Procurement prices of pulses are announced every year, but without any procurement being made. Compared to the prices farmers get for wheat and rice, the procurement prices for pulses are low. This becomes a disincentive for farmers to grow pulses. At a time when retail market prices are more than double the farmers’ price, we have to provide farmers with MSP that makes pulses production attractive vis-a-vis crops like wheat and rice. Procurement prices have been increased recently, as a result of which production has gone up of some pulses crops. But merely announcing higher MSPs isn’t enough; the government should commit itself to procuring pulses at the announced MSPs, as it does for wheat. Let us not forget the dimension of equity. Pulses are largely grown in marginal lands prone to moisture stress. Offering remunerative prices would not only help the less well-off producers of these regions, but may even induce farmers in irrigated areas to switch from water-guzzling paddy and sugarcane to pigeon pea, or from wheat to chick pea. In fact, the recent announcement by the NITI Aayog to create a buffer stock for pulses is welcome. Further, alongside creating a buffer, if pulses are included in PDS, it will go a long way to improve the food and nutrition security of the country.


India has the potential to achieve much higher pulses production. To stabilise prices in the long run, we need to increase domestic production by eliminating the risks farmers experience in relation to growing pulses. India can be self-sufficient in production of pulses taking certain steps.

* Developing short duration and pest-resistant crops: Long duration, susceptibility to pests and diseases are a few reasons farmers find it difficult to fit pulses in the usual cropping pattern. On this front, some progress has been made. Scientists have evolved short duration varieties of gram and tur, which can be harvested in 100 days. Some salt-tolerant varieties like JG-11 for south India have also been released. Recently, the International Crops Research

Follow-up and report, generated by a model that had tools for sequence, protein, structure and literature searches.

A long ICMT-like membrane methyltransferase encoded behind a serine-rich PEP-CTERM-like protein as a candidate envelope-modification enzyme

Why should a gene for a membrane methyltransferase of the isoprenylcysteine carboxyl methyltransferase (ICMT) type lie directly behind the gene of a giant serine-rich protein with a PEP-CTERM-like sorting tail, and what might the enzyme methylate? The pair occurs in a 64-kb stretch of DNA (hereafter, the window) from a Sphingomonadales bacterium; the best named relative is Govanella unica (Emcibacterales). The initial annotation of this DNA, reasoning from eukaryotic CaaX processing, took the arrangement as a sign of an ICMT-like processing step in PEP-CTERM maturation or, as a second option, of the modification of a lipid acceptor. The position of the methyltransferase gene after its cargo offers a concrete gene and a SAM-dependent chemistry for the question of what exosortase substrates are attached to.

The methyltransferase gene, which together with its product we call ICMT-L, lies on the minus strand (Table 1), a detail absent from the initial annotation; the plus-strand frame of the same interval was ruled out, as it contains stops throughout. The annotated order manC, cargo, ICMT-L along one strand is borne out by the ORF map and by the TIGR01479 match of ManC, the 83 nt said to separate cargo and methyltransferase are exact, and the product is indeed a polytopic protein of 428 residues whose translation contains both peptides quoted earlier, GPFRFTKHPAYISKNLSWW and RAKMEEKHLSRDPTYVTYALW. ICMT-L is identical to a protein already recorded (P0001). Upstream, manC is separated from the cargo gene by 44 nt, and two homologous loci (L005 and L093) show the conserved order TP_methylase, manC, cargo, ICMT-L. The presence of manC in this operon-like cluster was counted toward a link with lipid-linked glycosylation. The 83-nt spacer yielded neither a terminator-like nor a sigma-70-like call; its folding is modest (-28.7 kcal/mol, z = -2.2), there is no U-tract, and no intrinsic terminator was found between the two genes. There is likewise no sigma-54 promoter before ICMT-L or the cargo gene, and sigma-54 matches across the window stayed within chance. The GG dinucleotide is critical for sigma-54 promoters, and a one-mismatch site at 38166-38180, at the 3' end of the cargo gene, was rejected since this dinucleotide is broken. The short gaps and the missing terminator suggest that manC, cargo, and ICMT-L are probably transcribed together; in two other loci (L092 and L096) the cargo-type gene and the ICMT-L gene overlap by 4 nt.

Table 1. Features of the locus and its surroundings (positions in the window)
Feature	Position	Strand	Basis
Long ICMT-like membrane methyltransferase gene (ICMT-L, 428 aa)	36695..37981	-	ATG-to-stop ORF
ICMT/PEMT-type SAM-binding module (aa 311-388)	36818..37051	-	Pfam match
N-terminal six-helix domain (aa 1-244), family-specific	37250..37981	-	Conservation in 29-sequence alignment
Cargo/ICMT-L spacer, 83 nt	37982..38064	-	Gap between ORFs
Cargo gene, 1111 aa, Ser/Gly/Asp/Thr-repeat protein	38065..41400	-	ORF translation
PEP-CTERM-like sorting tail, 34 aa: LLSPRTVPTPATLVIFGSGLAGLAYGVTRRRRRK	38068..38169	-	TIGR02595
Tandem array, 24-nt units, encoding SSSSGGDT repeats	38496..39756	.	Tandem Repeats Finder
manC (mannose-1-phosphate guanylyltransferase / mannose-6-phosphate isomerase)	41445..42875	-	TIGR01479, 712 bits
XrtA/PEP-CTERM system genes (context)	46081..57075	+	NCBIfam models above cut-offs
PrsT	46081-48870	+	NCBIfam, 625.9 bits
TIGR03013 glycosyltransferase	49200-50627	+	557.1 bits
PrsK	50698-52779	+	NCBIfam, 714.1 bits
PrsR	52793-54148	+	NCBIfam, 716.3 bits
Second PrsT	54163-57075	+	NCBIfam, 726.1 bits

Institute for the Semi-Arid Tropics (ICRISAT) released high-yielding pigeon pea hybrid suitable for irrigated areas, which may induce farmers to take up cultivation of pulses in irrigated areas, provided there are remunerative prices.

Seed multiplication is also a task that needs immediate attention. State Agricultural Universities, Indian Council of Agricultural Research and Krishi Vigyan Kendras have to take the lead in seed multiplication and distribution.
* Area expansion: Substantial additional area can be brought under pulses by adopting cropping systems like mung/urad beans as catch crops in summers under cereal-based cropping system, inter-cropping with short-duration pulses (mung, urad and cowpea) in sugarcane, millet, cotton, etc, and new cropping system such as pigeon pea and wheat in northern region, rice and lentil in eastern region, and urad and rice in southern peninsula.
* Targeting large farmers will bring higher returns: Given the high price risk of growing pulses, production by large farmers who possess more than five acres of land would be prudent. They can diversify into pulses and have greater risk-absorbing capacity in case of inadvertent loss. Such progressive farmers can also be monitored and trained easily.

Although there are no recent data, it is likely that the decrease in pulses consumption will have been greater in the past two years, as India experienced its second consecutive drought and spike in prices. With decreasing rural income, it is also likely that the rural poor will not be able to afford expensive pulses, which will have a negative impact on the food and nutritional security of the poor.

The author is the FAO representative in India. View are personal